Large Mallee Fowl

Mallee Fowl and Plains Wanderer

Mallee Fowls used to build a very large "nest" which can be more than 1.5 metres high and 4 metres wide. The nest is usually made of leaves, sticks and sand. The male Malee Fowl works for few months to rake up sand and loose plant material with his feet to form the mound. Mallee fowl used to live in very dry parts of southern Australia, usually in low and scrubby timber called "mallee".

Mallee Fowl

The male Malees gathers all the mound materials from many metres around, a hole is dug down into the mound and the female starts laying. More than twenty of eggs are laid often in several layers. The rotting plant material and the heat of the sun supply warmth to hatch the eggs. The male Mallees will tests the heat of the mound with his bill and keeps the nest at the correct temperature by adding or taking the sand away.

Mallee fowls requires special habitat to live because their lives are threatened by grazing animals like rabbits.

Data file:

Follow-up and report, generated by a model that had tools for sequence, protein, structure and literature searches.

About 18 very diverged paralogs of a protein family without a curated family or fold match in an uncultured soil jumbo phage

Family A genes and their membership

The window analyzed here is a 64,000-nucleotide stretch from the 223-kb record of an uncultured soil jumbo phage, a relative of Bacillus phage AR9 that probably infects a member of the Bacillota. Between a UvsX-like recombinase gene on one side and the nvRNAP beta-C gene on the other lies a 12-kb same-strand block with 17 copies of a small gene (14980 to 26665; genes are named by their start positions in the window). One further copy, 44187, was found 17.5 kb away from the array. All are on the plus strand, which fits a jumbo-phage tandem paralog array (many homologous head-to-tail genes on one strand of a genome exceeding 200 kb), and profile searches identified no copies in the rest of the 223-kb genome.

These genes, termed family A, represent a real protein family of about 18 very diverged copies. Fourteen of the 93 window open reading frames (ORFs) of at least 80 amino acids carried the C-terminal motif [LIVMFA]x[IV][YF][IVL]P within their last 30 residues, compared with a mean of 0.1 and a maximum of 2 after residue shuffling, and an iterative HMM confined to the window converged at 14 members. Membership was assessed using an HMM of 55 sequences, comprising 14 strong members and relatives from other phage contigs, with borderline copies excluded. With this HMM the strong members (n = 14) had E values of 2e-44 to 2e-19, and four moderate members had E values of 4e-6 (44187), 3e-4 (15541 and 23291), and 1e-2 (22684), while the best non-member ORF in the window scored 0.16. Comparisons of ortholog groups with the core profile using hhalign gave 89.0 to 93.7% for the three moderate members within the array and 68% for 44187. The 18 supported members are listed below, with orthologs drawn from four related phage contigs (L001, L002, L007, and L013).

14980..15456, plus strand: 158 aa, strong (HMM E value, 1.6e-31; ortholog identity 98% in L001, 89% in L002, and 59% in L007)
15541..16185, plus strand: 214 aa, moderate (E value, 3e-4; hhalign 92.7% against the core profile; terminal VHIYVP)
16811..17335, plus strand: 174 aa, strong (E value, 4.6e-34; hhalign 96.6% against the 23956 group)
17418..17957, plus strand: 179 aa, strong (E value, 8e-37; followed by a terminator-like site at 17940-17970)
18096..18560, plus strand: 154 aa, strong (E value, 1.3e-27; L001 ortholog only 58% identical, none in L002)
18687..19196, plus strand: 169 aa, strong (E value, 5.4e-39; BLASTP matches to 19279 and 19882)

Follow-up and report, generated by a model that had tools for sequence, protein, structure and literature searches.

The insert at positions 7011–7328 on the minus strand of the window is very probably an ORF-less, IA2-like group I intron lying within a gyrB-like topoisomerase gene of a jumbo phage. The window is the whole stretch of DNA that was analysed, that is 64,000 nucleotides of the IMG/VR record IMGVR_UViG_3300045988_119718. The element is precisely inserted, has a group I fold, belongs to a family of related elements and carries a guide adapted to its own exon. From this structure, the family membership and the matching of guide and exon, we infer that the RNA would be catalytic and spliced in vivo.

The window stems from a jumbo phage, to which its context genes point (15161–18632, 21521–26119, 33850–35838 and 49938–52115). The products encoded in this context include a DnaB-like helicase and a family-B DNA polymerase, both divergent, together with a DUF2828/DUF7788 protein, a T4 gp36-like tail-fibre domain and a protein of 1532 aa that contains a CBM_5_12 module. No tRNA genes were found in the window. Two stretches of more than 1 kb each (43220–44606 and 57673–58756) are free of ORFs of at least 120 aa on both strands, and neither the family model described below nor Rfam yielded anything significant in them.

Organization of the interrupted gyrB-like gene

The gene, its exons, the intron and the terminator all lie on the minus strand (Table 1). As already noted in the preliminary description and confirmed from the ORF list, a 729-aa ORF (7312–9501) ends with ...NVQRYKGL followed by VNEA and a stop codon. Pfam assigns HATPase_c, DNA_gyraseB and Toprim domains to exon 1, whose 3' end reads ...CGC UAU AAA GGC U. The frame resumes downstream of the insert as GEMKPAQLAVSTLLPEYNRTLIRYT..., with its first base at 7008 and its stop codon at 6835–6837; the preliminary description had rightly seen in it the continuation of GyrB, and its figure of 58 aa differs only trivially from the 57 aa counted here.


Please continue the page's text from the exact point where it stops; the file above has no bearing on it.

Plains Wanderer

Plains Wandered just like many Australian native birds which live on or near the ground are no longer common. They have been found in Victoria and southern New South Wales, but it was only once. The areas in which they like to live most are usually in farming lands. When farmers cleared land for wheat-growing or ran sheep and cattle on their farms the habitat of the birds disappeared.

The only way for the birds to survive is to set aside the suitable lands for them to live to.

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